It’s almost been the perfect storm for banks in 2016, but the Canadian banks are coming through the turmoil relatively unscathed.
Tepid global economic growth, exposure to leveraged energy companies, negative central bank policy rates, lower capital markets revenue, non-performing loans, and regulatory changes have been weighing on banks globally.
The slaughter of bank stocks has been one of the nasty surprises of 2016, however, it is unlikely to be symptomatic of another banking crisis like 2008. Banks hold more capital than pre-2008 and many have sold unprofitable or capital-intensive business lines. Banks also carry more liquid assets and are better able to withstand market freezes for funding opportunities.
European banks have suffered the most. The Euro Stoxx 600 Banks index is down 20 percent year-to-date. In comparison, the S&P 500 financials index is down 11.5 percent and financials in the TSX are down just 3 percent. The financials sector of these broad stock markets indices is one of their worst performers year-to-date.
Banks play a critical role in economic growth as they supply the financing needed by companies to expand. When times are good, banks grow their loan portfolios, but, for example, as the oil and gas sector struggles, the credit worthiness of those borrowers worsens. The oil and gas industry is a perfect example where banks have had to increase reserves for credit losses, thus hurting profitability.
Fee business for banks is also drying up. With highly volatile financial markets, initial public offerings have been few and far between. Capital markets revenue, especially in fixed income, is also under pressure.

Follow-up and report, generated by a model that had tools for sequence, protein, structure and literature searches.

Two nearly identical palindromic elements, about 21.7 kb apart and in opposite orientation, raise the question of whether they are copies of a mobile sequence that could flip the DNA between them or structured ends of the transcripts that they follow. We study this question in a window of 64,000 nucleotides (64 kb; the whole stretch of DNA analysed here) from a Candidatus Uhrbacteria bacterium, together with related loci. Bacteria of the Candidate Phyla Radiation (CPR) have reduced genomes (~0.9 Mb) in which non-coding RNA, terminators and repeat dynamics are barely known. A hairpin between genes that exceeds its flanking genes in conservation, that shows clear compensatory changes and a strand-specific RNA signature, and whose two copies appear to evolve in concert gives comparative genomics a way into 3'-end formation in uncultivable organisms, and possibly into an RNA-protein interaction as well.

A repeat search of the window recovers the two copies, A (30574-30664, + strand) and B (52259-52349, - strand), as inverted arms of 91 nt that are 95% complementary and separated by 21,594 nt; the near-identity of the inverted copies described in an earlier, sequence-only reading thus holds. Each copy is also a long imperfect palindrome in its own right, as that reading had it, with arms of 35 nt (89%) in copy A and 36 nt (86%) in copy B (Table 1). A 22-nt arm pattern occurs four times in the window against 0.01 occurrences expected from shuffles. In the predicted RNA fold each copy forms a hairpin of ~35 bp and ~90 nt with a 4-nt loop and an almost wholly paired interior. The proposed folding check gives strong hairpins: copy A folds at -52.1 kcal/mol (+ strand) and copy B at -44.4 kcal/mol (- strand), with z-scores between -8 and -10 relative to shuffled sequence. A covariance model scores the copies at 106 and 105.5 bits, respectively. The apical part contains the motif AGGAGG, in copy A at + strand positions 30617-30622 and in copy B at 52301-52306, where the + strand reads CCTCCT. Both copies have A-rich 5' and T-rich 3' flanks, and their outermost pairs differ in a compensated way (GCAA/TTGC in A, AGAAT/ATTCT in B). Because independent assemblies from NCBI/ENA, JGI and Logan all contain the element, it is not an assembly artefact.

The Bank of Japan recently joined its major European peers in adopting a negative interest rate policy (NIRP)—Japanese banks will now be charged a fee on a portion of their deposits at the central bank.
While the policy is meant to encourage banks to lend—and thereby spark the economy—it’s a double-edged sword. Negative interest rates become another cost banks have to pass on to consumers to maintain their margins.
Banks make money from the spread between the rates at which they borrow and lend.
With NIRP, short-term interest rates have moved lower. Meanwhile, longer-term interest rates have moved even lower on recession fears, flight to quality buying, and lower inflation expectations. The result is differentials between longer-term and shorter-term interest rates have come down (flatter yield curves) in the U.S., Europe, Japan, and Canada. This hurts the profitability of banks. They thrive in steeper yield curve environments.
The difference with Canada is that short-term interest rates have actually moved higher in the past month, which to some extent, implies lower expectations for negative rates. Meanwhile, longer-term interest rates have been relatively stable.
In the U.S. at the start of the year, markets were pricing in about two rate hikes, but now less chance of higher interest rates has hurt the American banks.
The Canadian banks face the same challenging macro environment as their international peers, but their exposure to low crude prices appears to be manageable. RBC only has “modest evidence” to support higher loss provisions for the Canadian banks.
“Canadian banks seem to be in ‘sit and watch’ mode with respect to their direct oil and gas loans, unlike U.S. counterparts who are building reserves,” said RBC in a Feb. 5 research report on the Canadian banks.
Canadian banks hold a fraction of the reserves against oil and gas loans that U.S. banks do.
Unemployment has been rising, especially in Alberta. As a result, Canadian banks face higher losses on credit cards and mortgages, but this is a far cry from the non-performing loans fiasco faced by European banks, especially Italian ones.
Consistent dividend payers, the Canadian banks are showing their stability in weathering what ails the global economy. They begin reporting first quarter of 2016 earnings on Feb. 23 as BMO and National Bank kick it off.
Follow Rahul on Twitter @RV_ETBiz